Manhattan Beach by Jennifer Eagan (Review by Julia Wreford)

2 min read

GBC rating: 4/5*

As soon as I began reading Jennifer Egan’s Manhattan Beach, I was immediately reminded of Egan’s talent for seamlessly changing storylines and interweaving characters. While the focal point of the book does not shift from chapter to chapter (as in Egan’s Pulitzer-Prize winning A Visit from the Goon Squad), the novel is divided into parts that capture various characters at different points in their lives. The structure of the novel led to confusion at times, but as in Goon Squad, readers were rewarded with a cohesive and pleasantly unpredictable conclusion.

The brave and ambitious Anna Kerrigan is the novel’s central character. The book begins with Anna as a young girl, accompanying her father on a business errand. Specifically, Anna and her father visit the home of the notoriously wealthy Dexter Styles. Given that this visit takes place during the depression, Anna is bewildered by the opulence of the Styles’ family home. Later in life, Anna and Dexter’s paths cross again, and Anna is left wondering about the significance of this man her father once knew. Like Anna, the reader is left to wonder about the elusive Mr. Styles.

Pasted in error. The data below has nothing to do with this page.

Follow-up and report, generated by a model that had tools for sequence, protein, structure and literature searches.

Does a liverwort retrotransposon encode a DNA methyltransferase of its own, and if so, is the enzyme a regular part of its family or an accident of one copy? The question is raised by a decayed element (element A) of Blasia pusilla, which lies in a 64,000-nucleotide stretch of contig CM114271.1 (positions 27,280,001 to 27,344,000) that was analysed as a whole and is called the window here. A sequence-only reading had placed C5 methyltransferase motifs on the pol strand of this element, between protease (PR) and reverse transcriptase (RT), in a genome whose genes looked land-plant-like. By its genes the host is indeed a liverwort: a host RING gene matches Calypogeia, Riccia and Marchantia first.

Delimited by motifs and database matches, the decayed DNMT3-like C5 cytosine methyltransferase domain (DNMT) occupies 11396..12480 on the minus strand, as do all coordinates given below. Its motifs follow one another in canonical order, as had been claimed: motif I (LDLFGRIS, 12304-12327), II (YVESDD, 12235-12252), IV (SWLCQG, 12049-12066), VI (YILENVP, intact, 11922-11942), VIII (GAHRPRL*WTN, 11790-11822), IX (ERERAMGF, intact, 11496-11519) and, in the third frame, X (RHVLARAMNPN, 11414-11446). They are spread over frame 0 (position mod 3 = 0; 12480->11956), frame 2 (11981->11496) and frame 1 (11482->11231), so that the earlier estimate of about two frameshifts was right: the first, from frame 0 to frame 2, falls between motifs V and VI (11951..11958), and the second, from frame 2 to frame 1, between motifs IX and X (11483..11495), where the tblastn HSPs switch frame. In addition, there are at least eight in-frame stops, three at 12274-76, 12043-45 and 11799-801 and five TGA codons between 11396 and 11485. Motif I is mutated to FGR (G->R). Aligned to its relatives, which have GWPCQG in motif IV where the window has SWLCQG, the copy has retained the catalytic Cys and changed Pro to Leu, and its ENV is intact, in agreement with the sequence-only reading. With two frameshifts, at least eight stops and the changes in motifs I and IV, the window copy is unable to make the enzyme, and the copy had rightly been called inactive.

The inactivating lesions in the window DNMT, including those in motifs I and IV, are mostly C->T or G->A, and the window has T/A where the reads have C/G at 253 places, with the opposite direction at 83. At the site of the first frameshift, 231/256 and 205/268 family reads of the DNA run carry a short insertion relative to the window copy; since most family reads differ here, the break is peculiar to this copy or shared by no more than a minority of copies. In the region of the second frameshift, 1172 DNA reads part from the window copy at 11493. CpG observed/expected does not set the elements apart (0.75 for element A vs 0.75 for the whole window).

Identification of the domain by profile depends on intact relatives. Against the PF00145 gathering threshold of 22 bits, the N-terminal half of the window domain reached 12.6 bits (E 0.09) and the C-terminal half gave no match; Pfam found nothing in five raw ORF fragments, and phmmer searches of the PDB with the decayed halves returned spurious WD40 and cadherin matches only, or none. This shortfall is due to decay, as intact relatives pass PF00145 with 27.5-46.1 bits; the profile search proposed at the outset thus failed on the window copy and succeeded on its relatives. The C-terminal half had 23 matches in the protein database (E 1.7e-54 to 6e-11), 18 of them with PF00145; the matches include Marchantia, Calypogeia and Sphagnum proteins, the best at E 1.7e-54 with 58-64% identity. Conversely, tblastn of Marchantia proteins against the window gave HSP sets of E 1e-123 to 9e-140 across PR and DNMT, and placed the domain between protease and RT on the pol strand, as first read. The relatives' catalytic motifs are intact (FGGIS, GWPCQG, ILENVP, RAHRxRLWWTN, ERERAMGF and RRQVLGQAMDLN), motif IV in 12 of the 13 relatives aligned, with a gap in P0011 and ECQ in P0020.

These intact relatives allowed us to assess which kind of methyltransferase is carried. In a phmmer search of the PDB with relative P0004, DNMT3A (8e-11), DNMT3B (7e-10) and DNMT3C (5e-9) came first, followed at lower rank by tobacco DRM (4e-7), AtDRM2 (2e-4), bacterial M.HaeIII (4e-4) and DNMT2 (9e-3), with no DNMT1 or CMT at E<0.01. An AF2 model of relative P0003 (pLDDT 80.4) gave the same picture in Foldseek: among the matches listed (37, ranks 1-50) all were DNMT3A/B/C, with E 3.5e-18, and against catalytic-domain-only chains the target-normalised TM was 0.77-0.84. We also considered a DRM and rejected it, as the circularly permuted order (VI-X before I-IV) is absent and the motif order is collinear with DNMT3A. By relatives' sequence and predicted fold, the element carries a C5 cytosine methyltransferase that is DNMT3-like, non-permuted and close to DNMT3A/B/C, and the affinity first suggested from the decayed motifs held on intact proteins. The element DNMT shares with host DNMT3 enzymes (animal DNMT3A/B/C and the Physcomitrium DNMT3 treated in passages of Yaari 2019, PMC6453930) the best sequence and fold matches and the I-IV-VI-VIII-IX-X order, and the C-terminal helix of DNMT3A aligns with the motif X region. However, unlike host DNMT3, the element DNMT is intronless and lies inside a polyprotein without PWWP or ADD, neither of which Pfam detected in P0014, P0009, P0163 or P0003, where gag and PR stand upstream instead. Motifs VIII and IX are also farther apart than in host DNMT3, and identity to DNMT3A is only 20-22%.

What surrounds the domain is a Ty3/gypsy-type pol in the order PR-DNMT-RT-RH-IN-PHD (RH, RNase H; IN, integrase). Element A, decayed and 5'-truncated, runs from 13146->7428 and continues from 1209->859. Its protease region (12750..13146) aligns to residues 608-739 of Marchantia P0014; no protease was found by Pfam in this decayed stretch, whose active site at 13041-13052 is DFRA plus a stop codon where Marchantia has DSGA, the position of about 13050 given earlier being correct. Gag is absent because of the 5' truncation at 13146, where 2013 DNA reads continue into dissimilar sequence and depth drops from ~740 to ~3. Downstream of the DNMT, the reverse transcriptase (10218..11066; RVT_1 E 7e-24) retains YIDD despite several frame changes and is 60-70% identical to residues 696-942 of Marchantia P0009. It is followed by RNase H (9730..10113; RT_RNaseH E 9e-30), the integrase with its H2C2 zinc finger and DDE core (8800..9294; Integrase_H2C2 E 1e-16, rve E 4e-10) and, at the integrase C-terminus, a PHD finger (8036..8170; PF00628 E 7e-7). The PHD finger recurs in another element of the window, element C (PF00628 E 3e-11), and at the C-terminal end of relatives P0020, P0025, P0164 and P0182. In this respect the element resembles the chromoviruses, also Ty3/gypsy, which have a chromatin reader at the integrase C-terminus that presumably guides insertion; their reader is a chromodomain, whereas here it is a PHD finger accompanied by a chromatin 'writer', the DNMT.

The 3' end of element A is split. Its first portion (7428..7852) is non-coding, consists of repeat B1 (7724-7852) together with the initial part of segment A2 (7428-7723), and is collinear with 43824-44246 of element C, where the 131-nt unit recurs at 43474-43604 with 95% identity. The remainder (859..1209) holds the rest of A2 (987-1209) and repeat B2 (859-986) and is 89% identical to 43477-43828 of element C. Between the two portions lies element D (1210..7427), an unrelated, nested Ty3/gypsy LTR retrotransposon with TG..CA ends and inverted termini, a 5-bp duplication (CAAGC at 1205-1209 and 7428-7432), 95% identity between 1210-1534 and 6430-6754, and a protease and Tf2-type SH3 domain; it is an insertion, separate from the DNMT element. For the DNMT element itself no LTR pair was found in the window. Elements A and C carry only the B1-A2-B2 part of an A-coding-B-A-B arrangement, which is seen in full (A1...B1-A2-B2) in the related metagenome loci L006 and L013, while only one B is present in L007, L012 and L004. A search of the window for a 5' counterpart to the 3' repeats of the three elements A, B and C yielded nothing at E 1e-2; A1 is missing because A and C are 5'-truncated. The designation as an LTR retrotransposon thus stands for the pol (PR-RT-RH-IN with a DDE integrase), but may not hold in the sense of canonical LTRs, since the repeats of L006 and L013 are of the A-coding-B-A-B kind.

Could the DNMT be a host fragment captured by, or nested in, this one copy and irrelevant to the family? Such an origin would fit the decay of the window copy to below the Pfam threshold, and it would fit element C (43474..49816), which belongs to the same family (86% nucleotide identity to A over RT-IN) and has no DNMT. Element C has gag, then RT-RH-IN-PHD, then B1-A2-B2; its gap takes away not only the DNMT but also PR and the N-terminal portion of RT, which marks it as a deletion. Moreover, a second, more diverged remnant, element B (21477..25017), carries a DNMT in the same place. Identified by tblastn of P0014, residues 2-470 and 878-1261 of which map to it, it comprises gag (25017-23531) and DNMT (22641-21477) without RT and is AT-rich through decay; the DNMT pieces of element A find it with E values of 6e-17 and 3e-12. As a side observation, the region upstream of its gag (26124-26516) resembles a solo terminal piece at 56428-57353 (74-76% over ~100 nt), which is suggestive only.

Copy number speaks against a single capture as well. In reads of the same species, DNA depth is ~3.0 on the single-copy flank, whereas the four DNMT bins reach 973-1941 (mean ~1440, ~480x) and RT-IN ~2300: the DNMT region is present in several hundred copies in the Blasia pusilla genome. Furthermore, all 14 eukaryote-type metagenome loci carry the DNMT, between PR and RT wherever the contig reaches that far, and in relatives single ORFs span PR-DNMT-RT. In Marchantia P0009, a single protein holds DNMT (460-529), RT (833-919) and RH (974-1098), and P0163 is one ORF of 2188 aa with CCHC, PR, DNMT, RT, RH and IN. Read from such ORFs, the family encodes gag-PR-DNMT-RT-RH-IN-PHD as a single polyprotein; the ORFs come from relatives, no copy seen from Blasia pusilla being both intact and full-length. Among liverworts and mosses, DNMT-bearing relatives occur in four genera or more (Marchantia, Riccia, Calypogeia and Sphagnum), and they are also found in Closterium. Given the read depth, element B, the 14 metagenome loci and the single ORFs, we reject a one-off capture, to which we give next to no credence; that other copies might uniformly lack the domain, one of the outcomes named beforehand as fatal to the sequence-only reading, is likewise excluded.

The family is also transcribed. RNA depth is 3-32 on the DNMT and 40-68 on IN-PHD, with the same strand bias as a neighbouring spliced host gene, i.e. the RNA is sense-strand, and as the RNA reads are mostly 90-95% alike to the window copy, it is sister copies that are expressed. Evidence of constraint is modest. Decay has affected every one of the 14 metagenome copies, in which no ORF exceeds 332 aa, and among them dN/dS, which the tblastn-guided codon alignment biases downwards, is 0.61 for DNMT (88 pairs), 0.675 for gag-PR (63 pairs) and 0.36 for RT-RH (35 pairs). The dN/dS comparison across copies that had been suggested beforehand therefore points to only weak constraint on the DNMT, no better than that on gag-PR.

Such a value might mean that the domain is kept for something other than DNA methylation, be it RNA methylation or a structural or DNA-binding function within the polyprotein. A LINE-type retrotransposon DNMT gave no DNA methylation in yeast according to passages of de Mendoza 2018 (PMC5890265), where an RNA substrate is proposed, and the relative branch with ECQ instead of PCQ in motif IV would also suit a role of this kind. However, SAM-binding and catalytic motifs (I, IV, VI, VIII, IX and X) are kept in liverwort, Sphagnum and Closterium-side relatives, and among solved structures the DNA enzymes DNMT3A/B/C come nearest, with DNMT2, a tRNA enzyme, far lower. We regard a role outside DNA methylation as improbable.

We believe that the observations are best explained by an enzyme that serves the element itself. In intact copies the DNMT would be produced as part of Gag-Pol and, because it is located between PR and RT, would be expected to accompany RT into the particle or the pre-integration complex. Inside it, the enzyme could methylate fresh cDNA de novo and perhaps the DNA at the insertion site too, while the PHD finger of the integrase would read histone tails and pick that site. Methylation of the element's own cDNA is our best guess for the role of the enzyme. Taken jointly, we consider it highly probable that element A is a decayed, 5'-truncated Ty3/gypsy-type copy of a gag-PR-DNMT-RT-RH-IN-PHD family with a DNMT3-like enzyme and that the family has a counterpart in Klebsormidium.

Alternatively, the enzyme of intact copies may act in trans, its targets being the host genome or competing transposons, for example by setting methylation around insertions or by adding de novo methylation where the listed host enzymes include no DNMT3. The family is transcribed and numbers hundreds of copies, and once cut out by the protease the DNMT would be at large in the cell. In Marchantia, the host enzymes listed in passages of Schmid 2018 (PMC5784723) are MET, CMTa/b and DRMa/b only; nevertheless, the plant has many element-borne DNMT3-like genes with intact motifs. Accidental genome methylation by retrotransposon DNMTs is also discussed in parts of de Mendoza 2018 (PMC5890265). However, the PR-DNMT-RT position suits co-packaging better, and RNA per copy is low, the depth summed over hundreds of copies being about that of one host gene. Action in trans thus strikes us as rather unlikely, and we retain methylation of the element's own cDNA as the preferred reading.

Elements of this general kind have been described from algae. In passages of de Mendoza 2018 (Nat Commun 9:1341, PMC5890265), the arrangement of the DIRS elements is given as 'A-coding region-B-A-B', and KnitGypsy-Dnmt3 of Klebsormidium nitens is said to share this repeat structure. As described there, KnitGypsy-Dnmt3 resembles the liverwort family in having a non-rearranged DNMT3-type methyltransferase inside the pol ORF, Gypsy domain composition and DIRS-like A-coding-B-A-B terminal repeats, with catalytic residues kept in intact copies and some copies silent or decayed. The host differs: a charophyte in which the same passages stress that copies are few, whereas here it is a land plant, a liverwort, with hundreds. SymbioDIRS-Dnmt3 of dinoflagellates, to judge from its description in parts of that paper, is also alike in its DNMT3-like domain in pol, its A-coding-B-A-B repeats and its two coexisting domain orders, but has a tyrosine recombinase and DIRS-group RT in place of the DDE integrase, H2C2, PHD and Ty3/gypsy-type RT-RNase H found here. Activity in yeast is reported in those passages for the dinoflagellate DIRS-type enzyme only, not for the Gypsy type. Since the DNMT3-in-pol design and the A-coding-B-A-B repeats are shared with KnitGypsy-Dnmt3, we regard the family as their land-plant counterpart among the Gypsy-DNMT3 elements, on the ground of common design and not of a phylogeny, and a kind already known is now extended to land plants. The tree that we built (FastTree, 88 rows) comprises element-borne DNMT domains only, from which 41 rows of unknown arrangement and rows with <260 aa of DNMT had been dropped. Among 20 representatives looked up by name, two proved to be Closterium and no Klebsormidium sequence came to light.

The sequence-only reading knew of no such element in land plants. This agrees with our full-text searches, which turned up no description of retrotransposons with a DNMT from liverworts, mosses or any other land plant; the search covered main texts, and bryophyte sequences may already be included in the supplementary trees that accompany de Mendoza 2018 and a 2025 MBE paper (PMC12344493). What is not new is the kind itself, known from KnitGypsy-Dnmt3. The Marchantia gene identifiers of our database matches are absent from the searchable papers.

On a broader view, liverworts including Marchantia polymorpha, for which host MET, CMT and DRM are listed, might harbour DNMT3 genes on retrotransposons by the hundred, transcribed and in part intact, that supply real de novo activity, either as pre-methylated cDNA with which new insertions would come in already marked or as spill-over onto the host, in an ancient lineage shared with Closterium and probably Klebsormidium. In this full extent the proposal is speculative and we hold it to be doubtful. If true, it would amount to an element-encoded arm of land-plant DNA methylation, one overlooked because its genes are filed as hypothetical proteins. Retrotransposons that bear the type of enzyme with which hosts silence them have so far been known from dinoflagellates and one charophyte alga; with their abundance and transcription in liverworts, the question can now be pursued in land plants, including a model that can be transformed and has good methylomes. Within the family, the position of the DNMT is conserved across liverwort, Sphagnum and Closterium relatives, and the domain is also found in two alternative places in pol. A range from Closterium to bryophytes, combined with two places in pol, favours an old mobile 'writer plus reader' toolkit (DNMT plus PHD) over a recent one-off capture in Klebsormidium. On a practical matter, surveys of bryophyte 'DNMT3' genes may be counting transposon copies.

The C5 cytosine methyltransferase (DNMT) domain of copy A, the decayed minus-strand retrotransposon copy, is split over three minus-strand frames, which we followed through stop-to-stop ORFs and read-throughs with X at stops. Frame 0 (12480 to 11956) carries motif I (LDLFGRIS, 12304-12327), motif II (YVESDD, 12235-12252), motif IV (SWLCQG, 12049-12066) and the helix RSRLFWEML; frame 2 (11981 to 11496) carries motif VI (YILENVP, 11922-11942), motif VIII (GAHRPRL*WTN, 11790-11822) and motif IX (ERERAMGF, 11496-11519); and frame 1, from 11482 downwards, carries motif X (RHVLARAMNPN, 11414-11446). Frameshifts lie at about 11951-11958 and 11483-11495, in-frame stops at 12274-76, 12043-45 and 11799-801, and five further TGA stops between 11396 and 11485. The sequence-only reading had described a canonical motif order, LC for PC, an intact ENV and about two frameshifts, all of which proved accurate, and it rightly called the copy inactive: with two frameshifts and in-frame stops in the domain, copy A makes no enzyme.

Peppered into this plotline is Anna’s evolution of work at the Brooklyn Naval Yard, where she finds employment that is only available to her because so many men are serving abroad. Though Anna begins with tedious work, she quickly becomes interested in diving. My favourite part of the book takes place when Anna tries on the diving gear for the first time because it cannot help but feel symbolic of the weight that this character (and surely many women of her time) would have carried.

If you are a reader who is motivated to get to the bottom of character connections, this is the perfect book for you. The plot’s driving force comes from the mysterious connection between Anna Kerrigan, her father, and Dexter Styles. There were certain aspects of the book that were less interesting to me, such as the details of Styles’ wartime gangster activity. However, the conclusion of this book made the book well worth the read and one that I would recommend.



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